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Gunter Grass Used To Be Pro-Israel

Did you know that  Gunter Grass, author of the anti-Israel and antisemitic poem What Must Be Said, used to be pro-Israel? Neither did I until I read this interesting op-ed.

Excerpt:  

DURING November 1968, in the aftermath of the previous year’s Arab-Israeli Six Day War, a ”Joint Declaration by 20 representatives of the German left” appeared in the American left Zionist magazine Jewish Frontier. It argued that the left ”would lose its credibility for all time to come if, through one-sided sympathy for the Arabs, it were to contribute to a new Auschwitz”.

The declaration condemned the inconsistent ”crying out against the war of destruction being perpetrated by the Americans against the population of Vietnam and passing over in silence the far worse Holocaust being planned by the Arabs against Israel”. Signatories included the leading Marxist scholar Ernst Bloch and novelist Gunter Grass.

As many Western leftists abandoned Israel following its post-1967 occupation of the West Bank, Gaza, East Jerusalem, Sinai and the Golan Heights, instead embracing the then novel Palestinian cause, Grass remained pro-Israel. Some four decades later, few would describe Nobel-prize-winning author Grass, 83, in the same terms.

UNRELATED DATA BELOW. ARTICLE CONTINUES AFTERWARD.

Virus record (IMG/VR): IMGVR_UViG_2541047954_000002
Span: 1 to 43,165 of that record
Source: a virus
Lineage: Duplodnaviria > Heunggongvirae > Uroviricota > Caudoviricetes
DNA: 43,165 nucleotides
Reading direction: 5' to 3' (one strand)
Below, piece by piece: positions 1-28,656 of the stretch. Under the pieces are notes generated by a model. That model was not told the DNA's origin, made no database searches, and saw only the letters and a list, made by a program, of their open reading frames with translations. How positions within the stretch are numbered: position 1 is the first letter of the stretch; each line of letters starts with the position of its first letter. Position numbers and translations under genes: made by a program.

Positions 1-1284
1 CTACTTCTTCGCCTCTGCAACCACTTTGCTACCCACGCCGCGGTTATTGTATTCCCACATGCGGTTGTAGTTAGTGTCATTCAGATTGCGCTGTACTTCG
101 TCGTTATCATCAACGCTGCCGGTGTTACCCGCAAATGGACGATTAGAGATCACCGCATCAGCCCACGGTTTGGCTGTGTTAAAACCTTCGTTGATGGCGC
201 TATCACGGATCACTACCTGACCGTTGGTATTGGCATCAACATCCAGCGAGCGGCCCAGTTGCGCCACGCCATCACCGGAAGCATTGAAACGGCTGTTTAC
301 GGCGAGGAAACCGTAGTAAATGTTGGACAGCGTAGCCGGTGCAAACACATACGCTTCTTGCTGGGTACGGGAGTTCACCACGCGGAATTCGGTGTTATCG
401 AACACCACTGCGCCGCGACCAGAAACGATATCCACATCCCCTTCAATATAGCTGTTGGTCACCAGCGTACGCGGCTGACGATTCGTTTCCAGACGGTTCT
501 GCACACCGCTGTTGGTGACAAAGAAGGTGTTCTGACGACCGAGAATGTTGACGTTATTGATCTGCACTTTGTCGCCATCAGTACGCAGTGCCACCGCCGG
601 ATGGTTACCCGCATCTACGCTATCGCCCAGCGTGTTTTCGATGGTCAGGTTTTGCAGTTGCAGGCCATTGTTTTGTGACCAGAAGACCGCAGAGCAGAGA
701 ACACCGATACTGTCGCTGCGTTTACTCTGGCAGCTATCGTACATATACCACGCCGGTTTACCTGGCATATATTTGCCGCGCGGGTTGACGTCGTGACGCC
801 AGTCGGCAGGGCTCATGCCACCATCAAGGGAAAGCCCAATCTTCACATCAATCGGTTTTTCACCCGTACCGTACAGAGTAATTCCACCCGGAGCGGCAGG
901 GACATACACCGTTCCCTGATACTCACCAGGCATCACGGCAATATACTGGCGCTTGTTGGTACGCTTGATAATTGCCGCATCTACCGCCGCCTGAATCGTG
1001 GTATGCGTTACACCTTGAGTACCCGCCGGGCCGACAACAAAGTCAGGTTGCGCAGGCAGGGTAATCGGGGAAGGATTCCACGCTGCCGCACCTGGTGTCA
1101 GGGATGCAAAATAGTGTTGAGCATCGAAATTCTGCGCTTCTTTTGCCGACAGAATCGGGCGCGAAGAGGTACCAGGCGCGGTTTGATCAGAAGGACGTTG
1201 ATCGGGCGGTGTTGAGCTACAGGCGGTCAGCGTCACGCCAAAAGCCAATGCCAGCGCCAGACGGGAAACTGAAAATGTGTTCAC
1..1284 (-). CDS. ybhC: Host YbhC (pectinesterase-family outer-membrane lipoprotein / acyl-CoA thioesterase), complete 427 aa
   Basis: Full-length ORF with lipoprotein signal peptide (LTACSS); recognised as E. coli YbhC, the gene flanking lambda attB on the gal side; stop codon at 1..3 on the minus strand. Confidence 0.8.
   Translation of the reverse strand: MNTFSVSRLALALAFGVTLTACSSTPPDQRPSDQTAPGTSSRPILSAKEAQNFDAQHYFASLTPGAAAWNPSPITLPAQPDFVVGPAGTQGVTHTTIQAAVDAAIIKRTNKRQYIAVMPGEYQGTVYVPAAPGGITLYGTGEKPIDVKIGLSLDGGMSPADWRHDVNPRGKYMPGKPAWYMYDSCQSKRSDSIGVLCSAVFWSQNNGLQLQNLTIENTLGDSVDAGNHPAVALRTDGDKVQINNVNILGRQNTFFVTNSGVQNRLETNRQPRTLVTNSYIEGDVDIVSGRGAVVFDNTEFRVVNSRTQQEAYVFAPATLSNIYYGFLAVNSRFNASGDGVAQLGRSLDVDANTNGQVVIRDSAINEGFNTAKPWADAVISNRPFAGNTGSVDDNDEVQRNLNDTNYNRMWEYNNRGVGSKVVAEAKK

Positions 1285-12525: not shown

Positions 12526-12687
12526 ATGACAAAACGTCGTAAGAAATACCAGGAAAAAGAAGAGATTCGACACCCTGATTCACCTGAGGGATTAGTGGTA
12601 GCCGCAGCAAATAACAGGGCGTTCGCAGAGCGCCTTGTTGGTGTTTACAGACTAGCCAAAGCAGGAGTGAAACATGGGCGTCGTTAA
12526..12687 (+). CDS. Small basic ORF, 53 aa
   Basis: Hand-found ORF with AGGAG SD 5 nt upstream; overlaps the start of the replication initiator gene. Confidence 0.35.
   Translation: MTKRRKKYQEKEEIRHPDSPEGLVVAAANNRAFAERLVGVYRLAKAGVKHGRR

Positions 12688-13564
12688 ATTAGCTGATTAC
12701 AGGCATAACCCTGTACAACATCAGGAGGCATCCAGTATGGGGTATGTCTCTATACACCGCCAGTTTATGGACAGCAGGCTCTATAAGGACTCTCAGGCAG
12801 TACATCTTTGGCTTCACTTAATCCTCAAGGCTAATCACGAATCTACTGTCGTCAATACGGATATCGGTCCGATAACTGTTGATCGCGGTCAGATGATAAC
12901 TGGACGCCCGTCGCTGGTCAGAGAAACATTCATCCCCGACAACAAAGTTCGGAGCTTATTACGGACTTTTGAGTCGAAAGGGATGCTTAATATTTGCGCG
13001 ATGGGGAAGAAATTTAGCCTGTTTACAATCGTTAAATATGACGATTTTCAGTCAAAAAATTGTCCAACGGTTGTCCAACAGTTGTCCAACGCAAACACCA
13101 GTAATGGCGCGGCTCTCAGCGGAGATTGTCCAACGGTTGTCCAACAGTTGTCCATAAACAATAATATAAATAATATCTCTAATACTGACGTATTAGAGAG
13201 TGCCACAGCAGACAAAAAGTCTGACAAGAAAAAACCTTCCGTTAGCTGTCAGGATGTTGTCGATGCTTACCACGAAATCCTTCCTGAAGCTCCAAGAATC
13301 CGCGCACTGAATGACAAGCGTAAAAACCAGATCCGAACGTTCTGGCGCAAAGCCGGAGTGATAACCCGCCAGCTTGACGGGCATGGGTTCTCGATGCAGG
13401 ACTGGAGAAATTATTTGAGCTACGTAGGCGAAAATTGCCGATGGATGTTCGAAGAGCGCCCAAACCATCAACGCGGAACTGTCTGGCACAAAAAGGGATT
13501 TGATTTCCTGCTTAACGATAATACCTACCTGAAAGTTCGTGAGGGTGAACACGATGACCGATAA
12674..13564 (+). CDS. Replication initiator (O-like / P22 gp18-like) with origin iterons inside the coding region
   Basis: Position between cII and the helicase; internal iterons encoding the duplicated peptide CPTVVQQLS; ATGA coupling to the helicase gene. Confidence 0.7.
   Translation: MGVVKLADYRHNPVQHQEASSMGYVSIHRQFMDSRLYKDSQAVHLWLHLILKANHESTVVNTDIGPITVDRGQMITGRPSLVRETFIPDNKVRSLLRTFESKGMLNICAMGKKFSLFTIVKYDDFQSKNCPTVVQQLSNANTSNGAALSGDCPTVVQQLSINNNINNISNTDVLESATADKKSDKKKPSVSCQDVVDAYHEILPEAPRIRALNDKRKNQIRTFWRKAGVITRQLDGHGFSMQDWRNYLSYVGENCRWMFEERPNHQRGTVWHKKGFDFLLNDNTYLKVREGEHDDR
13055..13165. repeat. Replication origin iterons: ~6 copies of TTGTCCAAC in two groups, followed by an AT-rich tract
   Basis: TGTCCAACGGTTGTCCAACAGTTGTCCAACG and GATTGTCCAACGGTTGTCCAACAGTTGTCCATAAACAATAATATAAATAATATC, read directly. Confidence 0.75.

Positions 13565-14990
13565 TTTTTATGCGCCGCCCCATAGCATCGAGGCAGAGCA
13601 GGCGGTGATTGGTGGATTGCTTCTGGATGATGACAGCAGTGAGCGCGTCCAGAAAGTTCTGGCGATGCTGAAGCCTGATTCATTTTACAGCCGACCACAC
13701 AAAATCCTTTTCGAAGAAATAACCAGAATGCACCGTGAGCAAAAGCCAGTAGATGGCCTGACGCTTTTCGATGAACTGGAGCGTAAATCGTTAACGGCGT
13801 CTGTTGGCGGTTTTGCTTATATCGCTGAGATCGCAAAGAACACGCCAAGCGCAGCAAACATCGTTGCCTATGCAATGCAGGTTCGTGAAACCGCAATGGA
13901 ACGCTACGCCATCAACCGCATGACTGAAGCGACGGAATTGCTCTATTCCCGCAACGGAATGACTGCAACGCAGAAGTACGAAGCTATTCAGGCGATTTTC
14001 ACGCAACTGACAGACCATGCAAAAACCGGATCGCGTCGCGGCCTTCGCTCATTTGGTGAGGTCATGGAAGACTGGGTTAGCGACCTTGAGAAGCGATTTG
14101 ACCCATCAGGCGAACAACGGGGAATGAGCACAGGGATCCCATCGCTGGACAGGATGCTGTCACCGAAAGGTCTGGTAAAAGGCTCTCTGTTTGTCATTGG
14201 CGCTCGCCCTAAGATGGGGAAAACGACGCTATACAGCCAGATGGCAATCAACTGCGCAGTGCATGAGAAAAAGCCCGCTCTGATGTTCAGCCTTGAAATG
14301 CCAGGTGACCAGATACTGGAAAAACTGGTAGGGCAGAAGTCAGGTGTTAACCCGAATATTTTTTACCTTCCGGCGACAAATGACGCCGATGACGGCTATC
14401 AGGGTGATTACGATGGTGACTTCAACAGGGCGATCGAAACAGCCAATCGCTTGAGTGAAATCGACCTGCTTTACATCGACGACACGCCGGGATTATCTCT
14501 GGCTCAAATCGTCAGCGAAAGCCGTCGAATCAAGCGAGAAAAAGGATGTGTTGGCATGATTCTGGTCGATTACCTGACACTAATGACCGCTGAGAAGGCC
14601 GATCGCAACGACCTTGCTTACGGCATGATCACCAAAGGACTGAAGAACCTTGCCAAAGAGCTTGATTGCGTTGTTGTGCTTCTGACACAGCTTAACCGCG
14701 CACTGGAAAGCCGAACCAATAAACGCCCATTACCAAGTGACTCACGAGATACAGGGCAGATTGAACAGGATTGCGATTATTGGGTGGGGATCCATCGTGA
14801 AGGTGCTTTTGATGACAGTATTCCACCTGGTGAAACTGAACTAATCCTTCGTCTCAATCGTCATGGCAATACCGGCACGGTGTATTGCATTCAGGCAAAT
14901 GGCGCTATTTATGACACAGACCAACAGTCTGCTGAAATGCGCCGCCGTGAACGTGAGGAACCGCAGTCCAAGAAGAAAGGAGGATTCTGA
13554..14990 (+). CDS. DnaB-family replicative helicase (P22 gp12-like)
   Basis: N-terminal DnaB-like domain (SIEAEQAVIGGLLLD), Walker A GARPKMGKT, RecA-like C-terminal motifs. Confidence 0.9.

Grass’ controversial recent poem What Must Be Said, published in the German daily Sü¨ddeutsche Zeitung, severed any friendship that existed between himself and the Jewish state. Grass alleged that a nuclear-armed Israel ”threatens the already fragile world peace” and railed against the inability of Germans to take Israel to task for fear of being labelled anti-Semitic. Nine stanzas of poetry sparked a global outcry.

It is self-evident that a former Waffen SS (Nazi military unit) member should exercise extreme caution when commenting upon the actions of the nation-state he unwittingly brought into existence.

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Much of the debate over Grass’ poem has centred on the equation of democratic Israel with the Iranian theocracy and his trivialisation of the existential threat posed by regime in Tehran (whose leader has threatened to ”wipe” Israel from the map). Yet, perhaps the most repugnant element of Grass’ poem was his Freudian suggestion that Israel was contemplating an attack in order to ”annihilate the Iranian people”.

At best, Grass is guilty of attention-seeking opportunism. At worst, his attack constitutes classical anti-Semitism in two respects.

Read the whole thing.

About the author

Picture of David Lange

David Lange

A law school graduate, David Lange transitioned from work in the oil and hi-tech industries into fulltime Israel advocacy. He is a respected commentator and Middle East analyst who has often been cited by the mainstream media
Picture of David Lange

David Lange

A law school graduate, David Lange transitioned from work in the oil and hi-tech industries into fulltime Israel advocacy. He is a respected commentator and Middle East analyst who has often been cited by the mainstream media
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